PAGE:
Guess what happens after submitting the password? Yes, it’s bye-bye PayPal money. Even more daunting is the fact that the scheme’s so perfect, that you will keep on thinking that the call was actually PayPal. Before calling, the scammer can change the caller ID to read “PayPal” or something similar. You still wondering if PayPal is safe?

4. Banking Trojans

And because phishing was not enough, now we even have trojans capable of ‘siphoning’ money from your account. This malware variant called a “banking trojan”, can bleed your balance dry even with two-factor authentication.

Cybersecurity researchers revealed that this trojan comes in the guise of a system and battery optimization app called Optimize Android. Upon installation, the app asks the user to switch on the “Enable statistics” option. After that, the trojan will begin analyzing your smartphone’s external and internal storages for banking apps like PayPal. If detected, the malware will wait for the user to enter his credentials before stealing money via the fake click method.

What sort of security measures does PayPal have in place?

Source: Make Tech Easier

To ensure that your hard-earned money stays where it’s supposed to, PayPal employs three types of security measures: email confirmations, PayPal Security Keys, and data encryption. There’s even a fourth measure, but it’s still being tested. Asking yourself if PayPal is safe or not?

1. Email confirmation

Each time you receive\issue a payment, you will be notified via email. Of course, if you receive this payment without performing any action in particular, you should definitely think about contacting PayPal since it’s obvious that someone might be trying to ‘hotwire’ your account.

2. PayPal Security Keys

This is PayPal’s take on 2FA. When switched on, the app will ask you to enter a security code, in addition to your PayPal password. Check your smartphone’s SMS inbox for the code; the security keys service is free of charge, but messaging rates may apply. Check with your mobile provider for additional details.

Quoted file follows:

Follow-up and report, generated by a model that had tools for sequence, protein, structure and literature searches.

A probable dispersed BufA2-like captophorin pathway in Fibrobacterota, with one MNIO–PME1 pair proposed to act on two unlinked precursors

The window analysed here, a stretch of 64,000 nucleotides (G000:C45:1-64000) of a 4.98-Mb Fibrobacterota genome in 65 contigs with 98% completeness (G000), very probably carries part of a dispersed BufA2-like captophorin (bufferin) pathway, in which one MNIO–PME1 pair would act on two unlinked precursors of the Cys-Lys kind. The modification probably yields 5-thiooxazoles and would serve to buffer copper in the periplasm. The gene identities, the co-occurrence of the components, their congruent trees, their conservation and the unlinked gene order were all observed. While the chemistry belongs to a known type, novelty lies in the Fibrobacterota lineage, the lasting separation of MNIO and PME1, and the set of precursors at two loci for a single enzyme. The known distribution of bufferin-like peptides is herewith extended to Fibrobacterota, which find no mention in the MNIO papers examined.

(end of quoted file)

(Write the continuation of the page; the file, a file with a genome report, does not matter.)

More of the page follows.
3. Data encryption

Since all transactions are online-exclusive, there will be a lot of safeguards in place: TLS protocols, Key pinning, and GDP (general data protection). When logging in, PayPal’s platform will determine if your connection’s TLS 1.0 or higher.

Of course, for extra protection, you should ensure that your browser’ capable of handling HTTPS connections (look for the padlock icon next to address bar).

To counter comm-interception attacks, PayPal uses a security layer called Key Pinning. This safeguard ensures that your browser’s communicating with a legit PayPal server. Why would this be useful? Well, scammers can actually intercept data in transit and redirect you to a cloned website. Key pinning prevents such attacks.

Last, but not least, PayPal’s data protection policies for both data-in-transit and at-rest are industry-compliant. This includes PCI-DSS and deference with independent third parties like the American Institute of Certified Public Accountants SSAE16 SOC1, Sarbanes-Oxley Act, and AT101 SOC2.

4. PayPal 3D-Secure (3DS Protocol)

As part of its ongoing anti-fraud crusade, PayPal has added an extra security layer which draws upon EMV’s proprietary 3-D Secure Protocol. Fully compliant with SCA (Strong Customer Authentication), this added layer will require the account holder to transmit a special security code to the bank that issued his credit or debit card in order to complete a transaction.

Depending on your card type, the system’s called “Verified by Visa”, “SafeKey”, or “MasterCard SecureCode”. Keep in mind that not all banking apps are compatible with 3-D encryption. The protocol will not be enabled by default.

Good news is that you will be able to ditch it if you have a hard time completing a transaction. Please note that the 3D-Secure passkey’s different from your PayPal’s password. Yes, it means that you’ll need to enter both in order to complete a transaction.

How to beef up your PayPal account security

Source: YouTube

Undoubtedly, there will always be someone out there just waiting to bleed your PayPal account dry. Though no one can guarantee complete safety (there’s no such thing in the online world), there are a few things you can try out in order to boost your security. So, without a due, here are some actionable security tips you should follow if you plan on keeping your PayPal account.

For Buyers

#1. Avoid transactioning over public Wi-Fis.

Keep in mind that unsecured Wi-Fis are great ‘hunting grounds’ for scammers. If the transaction cannot wait, you should consider using your mobile data instead of an open Wi-Fi. Charges may apply, but at least you would have answered the “is PayPal safe?” question.

#2. Using a dedicated device vs. an all-purpose device.

I know that the very thought of using a dedicated device just to view balance may seem like a whim, but it’s actually a lot safer than using an all-purpose machine (i.e. home PC or smartphone). How will this work? Let’s say you have a laptop at home, sitting idly in the corner, and collecting dust.